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Duke Davis 8th April 2008 03:59 PM

Hammond PR20
 
Hi all.
New here. My name is Duke.

I'm looking for answers, and hope someone has some ideas.

I am an electronics tech, just not an engineer.

The secenario: A friend obtained an old Hammond PR20 Tone Cabinet. Since none of us have an organ to connect it to, we decided to see about modding it for guitar.

I downloaded the schematics from Capatin Foldback's site (Lars Mikael...a nice, helpful person), and proceeded to experiment. Here's his site, BTW: http://www.captain-foldback.com/

I emailed him, and he said I needed a transformer to interface a 1/4" jack to the G1 and G2 inputs (and ground) of the three amplifier sections. So, I ordered one from Tonewheel General and installed it. (It's the HS122XB Input Transformer here:
http://www.tonewheelgeneral.com/buil...t=Transformers

I also connected a grounded cord, switch and fuse for power. Checked all the tubes...all very good.

Lit up the first time. I knew I was going to have some level problems even before I plugged anything in. I took a POD 2.0, and a Yamaha DG Stomp over to see what they would do. Well, they only put out a few volts, cranked. They played, but volume was low. I knew that would happen, so I plugged each into an ART Tube MP preamp, and pushed the +20dB button. NOW, it was getting closer. But the highest clean signal (before clipping) I could get out of the combinations was about 16V. (I had an O'Scope measuring, and I was also testing with a sine wave from a signal generator).

The PR20 G1 and G2 input lists 24VAC at the test points, and Lars said that's approximately what a Hammond will feed it.

The thing actually sounded pretty good, but I know if I can get it to put out more and make those tubes work a bit harder, it might even sound better.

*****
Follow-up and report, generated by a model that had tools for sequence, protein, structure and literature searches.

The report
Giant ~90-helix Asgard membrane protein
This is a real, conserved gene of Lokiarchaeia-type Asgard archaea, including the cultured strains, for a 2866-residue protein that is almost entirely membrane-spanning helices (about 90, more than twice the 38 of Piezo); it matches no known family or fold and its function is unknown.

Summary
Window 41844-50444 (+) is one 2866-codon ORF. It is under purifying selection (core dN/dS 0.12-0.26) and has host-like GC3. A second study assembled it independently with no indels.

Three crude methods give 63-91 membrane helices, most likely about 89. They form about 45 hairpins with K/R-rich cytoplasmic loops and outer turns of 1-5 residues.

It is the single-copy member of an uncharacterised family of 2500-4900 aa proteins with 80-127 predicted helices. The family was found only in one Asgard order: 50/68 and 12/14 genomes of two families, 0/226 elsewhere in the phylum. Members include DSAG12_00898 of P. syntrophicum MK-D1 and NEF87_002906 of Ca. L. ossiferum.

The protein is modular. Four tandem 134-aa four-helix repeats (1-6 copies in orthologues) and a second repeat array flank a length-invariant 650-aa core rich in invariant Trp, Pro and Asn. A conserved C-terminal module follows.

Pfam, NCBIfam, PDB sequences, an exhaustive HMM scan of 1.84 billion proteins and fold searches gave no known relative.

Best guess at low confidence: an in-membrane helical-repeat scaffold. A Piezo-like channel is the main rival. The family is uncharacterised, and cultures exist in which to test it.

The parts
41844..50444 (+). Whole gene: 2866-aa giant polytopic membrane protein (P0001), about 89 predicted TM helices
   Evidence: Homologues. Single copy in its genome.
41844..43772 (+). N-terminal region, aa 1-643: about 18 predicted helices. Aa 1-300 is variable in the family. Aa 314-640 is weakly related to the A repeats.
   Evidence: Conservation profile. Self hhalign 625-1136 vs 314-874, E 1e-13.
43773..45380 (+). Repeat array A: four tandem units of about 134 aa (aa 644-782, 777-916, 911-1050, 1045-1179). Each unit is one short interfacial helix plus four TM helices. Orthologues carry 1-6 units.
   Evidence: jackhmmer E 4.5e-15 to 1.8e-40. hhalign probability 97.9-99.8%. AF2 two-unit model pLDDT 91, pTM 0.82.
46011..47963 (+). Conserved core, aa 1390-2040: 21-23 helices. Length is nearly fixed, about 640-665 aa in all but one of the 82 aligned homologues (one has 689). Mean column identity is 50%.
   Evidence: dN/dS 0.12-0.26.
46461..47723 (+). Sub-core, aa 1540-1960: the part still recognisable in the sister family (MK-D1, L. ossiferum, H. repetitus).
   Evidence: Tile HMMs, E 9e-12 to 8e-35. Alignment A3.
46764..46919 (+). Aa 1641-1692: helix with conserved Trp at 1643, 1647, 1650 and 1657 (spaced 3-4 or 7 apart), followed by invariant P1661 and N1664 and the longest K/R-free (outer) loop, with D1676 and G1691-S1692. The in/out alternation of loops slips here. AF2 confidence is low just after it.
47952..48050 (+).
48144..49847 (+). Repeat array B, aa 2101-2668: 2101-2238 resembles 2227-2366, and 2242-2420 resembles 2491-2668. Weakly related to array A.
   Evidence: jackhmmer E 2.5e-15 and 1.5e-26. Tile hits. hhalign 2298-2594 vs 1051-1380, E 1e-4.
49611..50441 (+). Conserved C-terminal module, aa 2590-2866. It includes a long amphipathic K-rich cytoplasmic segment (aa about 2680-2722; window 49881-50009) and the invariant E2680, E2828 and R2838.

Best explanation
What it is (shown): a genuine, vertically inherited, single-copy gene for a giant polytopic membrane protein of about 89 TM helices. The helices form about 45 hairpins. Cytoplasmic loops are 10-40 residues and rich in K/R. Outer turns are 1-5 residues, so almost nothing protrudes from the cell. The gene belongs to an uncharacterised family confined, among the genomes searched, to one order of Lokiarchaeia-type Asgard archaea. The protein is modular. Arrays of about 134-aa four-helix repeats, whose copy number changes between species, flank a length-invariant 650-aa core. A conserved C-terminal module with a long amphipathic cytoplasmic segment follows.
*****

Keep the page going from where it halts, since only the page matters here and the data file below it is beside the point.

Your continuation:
So, there's my dilemma. I'd like to be able to take a small signal from a preamp unit, whether it's my homebrew guitar pre, a POD, a DG Stomp..etc., and bump it to ~24V...without having to add a Tube MP, etc. :confused:

Do I do it before that tiny Hammond transformer, which would be easier because it's only +/-? Or do I do it after, with both legs run to something before entering the amp?

HOW do I even think about it? Can a different transformer work at the input, and get rid of that Hammond one, which seems to be a 1:1...no boost? Do I build an active circuit boost? Would it have to be tubes, or would something S.S. work?

Like I said, it works now, and it actually sounds pretty good, but I think I can get a lot more air to move from those 4 speakers.

Any ideas will be appreciated.

Thanks,

Duke :)

Duke Davis 9th April 2008 02:13 PM

Hi again. I hope this isn't against rules, but I thought I'd bump this because it was falling fast, and was hoping it might be an easy answer for folks who know more about design than I.

I was guided to this site from another forum who said you guys may have ideas, since it is practically a do-it-yourself modification.

I was hoping for something like..."you just need to get a "Brumbley 64Y5 transformer"...or "here's a link to a circuit that you can build to run into the 1/4" jack"...or something like that.
If I have the schematics, I can build it. I just don't have the extensive knowledge to feel comfortable engineering anything.

If I get no responses hence, I'll graciously allow this post to sink slowly into oblivion, and die a natural death. I certainly don't want to make a pest of myself.

If there are any other sites that anyone could recommend that may be more suitable, I would appreciate any links.

Thanks, and have a good day.

Duke

chrish 9th April 2008 02:42 PM

Duke,

Sorry that I can't help with your problem, I am one of those that tend to get more advice on these forums than I can offer...

What I can say is that there are a really good bunch of helpful and knowledgeable people on this forum. Most of them are in to hi-fi, but there are quite a few in to guitar amps as well. I have seen and experienced that those members who at least try to help themselves or understand the problem and take the time to describe their problem in a considered and courteous manner invariably get advice and you most certainly have done that.

Your bump was done in a polite and undemanding way, I am sure nobody will take offence ;)

This forum is a shining example of helpfulness without the unproductive flame wars some sites see. I hope you like it here and get the advice you need!

Cheers,

Chris

korey 10th April 2008 07:06 AM